The trick is though, that you can add two more half pans if you move the sponge from its little compartment to keeping it in the empty water cup instead. So as of this Friday, I'm actually modifying my palette. I ordered a half pan of Permanent Rose and another of Quinacridone Gold, noticing Hookers Green is just a mix of Winsor (Pthalo) Green and Quinacridone Gold -- that gets me my warm green again with a simple mix but also gives me the very useful Quinacridone Gold for all the other mixes I love it for. Everyone's favorite palette is different.
If you invest in a Winsor & Newton Field Box, it will last a lifetime. My old gray Cotman one was still in perfect shape after all those years. I replaced the little brush once and replaced the half pans many times. Later on I learned that I can just refill the half pans with tubes, which saves my getting half pans of Artist watercolor except for the first time, when they'll fit in the box.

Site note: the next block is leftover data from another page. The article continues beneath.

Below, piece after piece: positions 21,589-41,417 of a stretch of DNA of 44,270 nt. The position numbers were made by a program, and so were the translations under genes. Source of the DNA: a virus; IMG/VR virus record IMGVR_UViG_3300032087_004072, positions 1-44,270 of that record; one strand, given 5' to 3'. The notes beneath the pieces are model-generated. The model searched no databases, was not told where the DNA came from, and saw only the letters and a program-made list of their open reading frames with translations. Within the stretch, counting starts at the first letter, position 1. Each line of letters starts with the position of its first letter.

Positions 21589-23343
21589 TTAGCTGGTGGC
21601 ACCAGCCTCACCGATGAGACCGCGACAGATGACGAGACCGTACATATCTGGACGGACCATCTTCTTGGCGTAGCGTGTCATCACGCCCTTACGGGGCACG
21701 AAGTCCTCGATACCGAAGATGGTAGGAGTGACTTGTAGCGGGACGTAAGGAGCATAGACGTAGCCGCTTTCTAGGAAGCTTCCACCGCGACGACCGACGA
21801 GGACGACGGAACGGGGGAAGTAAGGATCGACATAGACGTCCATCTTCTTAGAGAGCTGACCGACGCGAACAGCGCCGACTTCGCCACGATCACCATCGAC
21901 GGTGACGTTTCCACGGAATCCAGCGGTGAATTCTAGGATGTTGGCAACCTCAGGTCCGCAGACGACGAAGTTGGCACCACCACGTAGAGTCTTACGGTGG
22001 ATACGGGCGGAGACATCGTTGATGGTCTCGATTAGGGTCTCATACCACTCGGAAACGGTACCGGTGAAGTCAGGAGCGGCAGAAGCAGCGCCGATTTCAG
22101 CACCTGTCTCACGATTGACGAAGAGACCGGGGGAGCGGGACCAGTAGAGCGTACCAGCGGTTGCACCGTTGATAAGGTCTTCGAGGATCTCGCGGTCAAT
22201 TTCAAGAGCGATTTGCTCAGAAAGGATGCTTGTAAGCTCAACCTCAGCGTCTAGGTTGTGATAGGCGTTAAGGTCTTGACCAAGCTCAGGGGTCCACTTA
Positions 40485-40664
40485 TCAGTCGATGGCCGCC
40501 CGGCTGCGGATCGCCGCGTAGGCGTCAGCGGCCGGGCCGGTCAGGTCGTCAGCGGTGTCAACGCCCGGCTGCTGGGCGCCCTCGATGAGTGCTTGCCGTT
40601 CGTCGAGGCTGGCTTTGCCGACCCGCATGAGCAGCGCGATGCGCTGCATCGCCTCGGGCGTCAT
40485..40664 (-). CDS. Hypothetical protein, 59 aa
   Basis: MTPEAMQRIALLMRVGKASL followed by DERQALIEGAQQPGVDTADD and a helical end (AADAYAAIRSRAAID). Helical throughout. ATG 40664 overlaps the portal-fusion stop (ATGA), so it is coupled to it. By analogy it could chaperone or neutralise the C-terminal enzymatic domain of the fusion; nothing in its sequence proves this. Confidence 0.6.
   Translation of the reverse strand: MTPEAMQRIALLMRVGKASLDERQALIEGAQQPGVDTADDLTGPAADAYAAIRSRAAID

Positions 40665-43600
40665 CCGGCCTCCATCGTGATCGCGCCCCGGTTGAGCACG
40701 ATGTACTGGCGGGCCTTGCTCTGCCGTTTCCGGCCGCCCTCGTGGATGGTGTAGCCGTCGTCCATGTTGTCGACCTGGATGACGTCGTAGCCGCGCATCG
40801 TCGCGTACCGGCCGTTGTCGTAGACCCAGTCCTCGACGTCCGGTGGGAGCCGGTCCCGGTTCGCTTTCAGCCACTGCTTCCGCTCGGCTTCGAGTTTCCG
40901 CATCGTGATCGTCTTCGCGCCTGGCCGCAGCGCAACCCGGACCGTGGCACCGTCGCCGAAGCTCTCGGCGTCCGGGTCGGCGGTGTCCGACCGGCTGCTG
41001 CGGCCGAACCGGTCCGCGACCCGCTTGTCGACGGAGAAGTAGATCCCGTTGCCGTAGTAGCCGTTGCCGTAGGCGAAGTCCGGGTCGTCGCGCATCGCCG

The palettes in both sets are well chosen, but you can easily purchase half pans to swap them out if a favorite color is missing. I plan on swapping out the Ivory Black for Payne's Grey, Raw Umber for Burnt Umber and maybe drop Yellow Ochre in favor of another color, possibly swiping the spare Chromium Green out of my Lukas 1862 half pans set since it had two of that color. An extra green might be handy. I can do that, because the Winsor & Newton half pans are standard sized.
So if you have favorite half pans of another good artist grade brand like Lukas 1862 or Schminke or Sennelier, nothing's stopping you from customizing your Field Box. Every artist develops a personal palette based on favorite subjects and favorite mixes. But don't lose the little bitty sponge. If you do, cut a new one from a larger sponge and keep it handy, because that small Sceptre or Kolinsky brush will not be large enough to fill in skies or do broad masses of color.